The latest promo to drop on Rocketman is all about the fashion. To see Elton John back in the ’70s would have been an experience: Not just the music, but the clothes, the glasses, the larger-than-life flamboyancy. From the looks of it, Rocketman captures that. Certainly, star Taron Egerton wears it well. Whether the movie lives up to the hype remains to be seen, but for now, bravo!
No spoilers here about Avengers: Endgame. No in-depth review, either, since it would be far too easy to fall into spoiler territory. Instead just a few observations:
A three-hour runtime could easily have been punishing (and it might be—to your bladder), but directors Anthony and Joe Russo have delivered an epic that is light on its feet: Action-packed, full of suspense relieved by liberal doses of humor, and emotionally resonant, this is what action adventure storytelling should be and so often isn’t.
In a large ensemble full of memorable performances, Robert Downey Jr. and Chris Evans stand out, respectively burnishing the legends of Howard Stark/Iron Man and Steve Rogers/Captain America with turns that emphasize their characters’ humanity. This might be just another day at the office for Evans, whose Captain America has always been imbued with a huge dose of empathy along with sorrow for what he lost during the decades he spent in suspended animation. His superb emotional performance is hardly surprising. Downey, on the other hand—Howard Stark has always been a smug, snarky character hovering on the insufferable. While he doesn’t exactly lose those traits in Endgame, he does evolve. Thanos (Josh Brolin) did a number on him in Infinity Wars and it shows in an altogether warmer, more open, and a somewhat humbled (if not humbler) Howard Stark.
Endgame also pays a fond farewell to Marvel’s Stan Lee with his final cameo appearance. Mr. Lee might’ve died in 2018 at 95, but he is going to live forever through his comic books and through his movies. As an adieu to his physical being, his Endgame cameo is tops, a funny moment in the movie that pays homage to Lee’s humor and zest for life.
That’s it. To say more would be to fall too close to spoiler territory. Not going there. Does Avengers: Endgame live up to the hype? Yes, yes is does. –Pam Grady
People know the name “Stockholm Syndrome,” but few know its etymology. Writer/director Robert Budreau aims to correct that with his new drama Stockholm. The condition in which hostages begin to trust and ally with their captors owes its moniker to a 1973 bank robbery turned hostage situation in the Swedish capital, recounted here–more or less. Names have been changed, and so have other details. And the lead kidnapper was most definitely not an American, which he is for the film’s purposes. But that alteration makes way for Ethan Hawke, who delivers a charismatic performance that’s not only larger than life, it’s larger than the movie. That’s not necessarily a bad thing.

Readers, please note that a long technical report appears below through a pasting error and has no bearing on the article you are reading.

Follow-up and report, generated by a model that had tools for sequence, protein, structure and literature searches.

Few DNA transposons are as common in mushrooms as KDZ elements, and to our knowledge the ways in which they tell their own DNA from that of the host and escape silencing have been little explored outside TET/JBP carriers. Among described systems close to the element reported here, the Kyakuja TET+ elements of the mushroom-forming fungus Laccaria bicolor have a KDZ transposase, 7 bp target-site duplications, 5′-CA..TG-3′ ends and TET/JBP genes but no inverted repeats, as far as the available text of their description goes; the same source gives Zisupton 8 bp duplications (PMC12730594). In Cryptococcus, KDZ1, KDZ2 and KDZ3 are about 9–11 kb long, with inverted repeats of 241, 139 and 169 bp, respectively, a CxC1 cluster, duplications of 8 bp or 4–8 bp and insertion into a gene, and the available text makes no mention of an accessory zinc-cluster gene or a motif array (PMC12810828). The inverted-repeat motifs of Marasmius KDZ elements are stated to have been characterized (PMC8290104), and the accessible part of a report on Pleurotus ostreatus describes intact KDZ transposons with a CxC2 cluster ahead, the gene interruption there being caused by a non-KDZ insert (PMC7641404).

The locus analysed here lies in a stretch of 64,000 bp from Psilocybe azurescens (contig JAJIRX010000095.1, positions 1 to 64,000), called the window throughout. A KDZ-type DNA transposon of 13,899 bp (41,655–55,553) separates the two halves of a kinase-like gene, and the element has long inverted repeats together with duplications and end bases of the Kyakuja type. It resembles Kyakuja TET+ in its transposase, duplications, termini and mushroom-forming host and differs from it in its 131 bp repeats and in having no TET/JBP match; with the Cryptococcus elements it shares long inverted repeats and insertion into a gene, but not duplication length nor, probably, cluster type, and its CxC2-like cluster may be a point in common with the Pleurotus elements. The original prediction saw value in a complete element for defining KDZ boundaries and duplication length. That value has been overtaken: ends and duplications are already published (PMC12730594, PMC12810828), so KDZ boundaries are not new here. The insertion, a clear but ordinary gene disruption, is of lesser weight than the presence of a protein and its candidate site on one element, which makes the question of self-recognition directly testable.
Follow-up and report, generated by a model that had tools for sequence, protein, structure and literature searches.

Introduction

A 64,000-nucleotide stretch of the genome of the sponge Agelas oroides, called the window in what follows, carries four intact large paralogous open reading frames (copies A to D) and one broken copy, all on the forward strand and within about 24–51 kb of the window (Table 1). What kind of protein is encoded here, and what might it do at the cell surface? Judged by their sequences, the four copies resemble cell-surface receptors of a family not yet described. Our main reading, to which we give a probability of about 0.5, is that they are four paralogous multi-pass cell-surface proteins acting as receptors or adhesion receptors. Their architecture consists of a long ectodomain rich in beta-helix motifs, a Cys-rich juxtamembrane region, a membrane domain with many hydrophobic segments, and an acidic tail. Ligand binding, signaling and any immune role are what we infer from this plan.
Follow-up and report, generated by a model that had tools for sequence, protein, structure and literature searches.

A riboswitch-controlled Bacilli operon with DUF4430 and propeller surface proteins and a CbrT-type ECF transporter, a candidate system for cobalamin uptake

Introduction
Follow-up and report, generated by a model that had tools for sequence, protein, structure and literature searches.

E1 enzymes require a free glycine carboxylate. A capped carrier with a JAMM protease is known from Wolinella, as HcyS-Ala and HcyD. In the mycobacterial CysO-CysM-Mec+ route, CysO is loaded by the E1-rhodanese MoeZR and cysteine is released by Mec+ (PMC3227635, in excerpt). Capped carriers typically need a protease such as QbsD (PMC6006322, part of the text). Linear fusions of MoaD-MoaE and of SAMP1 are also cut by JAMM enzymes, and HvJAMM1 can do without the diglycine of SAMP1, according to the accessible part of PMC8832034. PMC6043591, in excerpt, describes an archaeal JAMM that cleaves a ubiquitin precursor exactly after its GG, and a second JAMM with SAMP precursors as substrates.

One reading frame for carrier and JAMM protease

Lars Nystrom (Hawke) enters the bank alone but is soon joined by his friend Gunnar (Mark Strong in bad hippie hairpiece—actually, so is Hawke, but his is supposed to be a wig). There are three hostages and the bank is surrounded by cops. Lars is a charmer. It doesn’t take him long to gain the sympathy of his captives, particularly bank officer Bianca (Noomi Rapace). Heavy-handed police tactics only encourage the hostages to trust Lars and Gunnar.
Stockholm is entertaining enough, if ultimately forgettable. Hawke is the best thing about it with the rest of the cast saddled with playing characters that are not particularly well drawn. Also, the whole problem with making a movie about the roots of “Stockholm Syndrome” is that the crime for which the condition is named pales in comparison with another caper associated with the syndrome: the 1972 robbery of a Chase Manhattan bank that inspired Sidney Lumet’s 1975 thriller Dog Day Afternoon. That movie with a livewire Al Pacino and John Cazale as his dim-witted sad sack partner set the standard for hostage taking movies where the Stockholm Syndrome comes into play. Stockholm is diverting but Lumet set a high bar that is almost impossible for other films to reach. –Pam Grady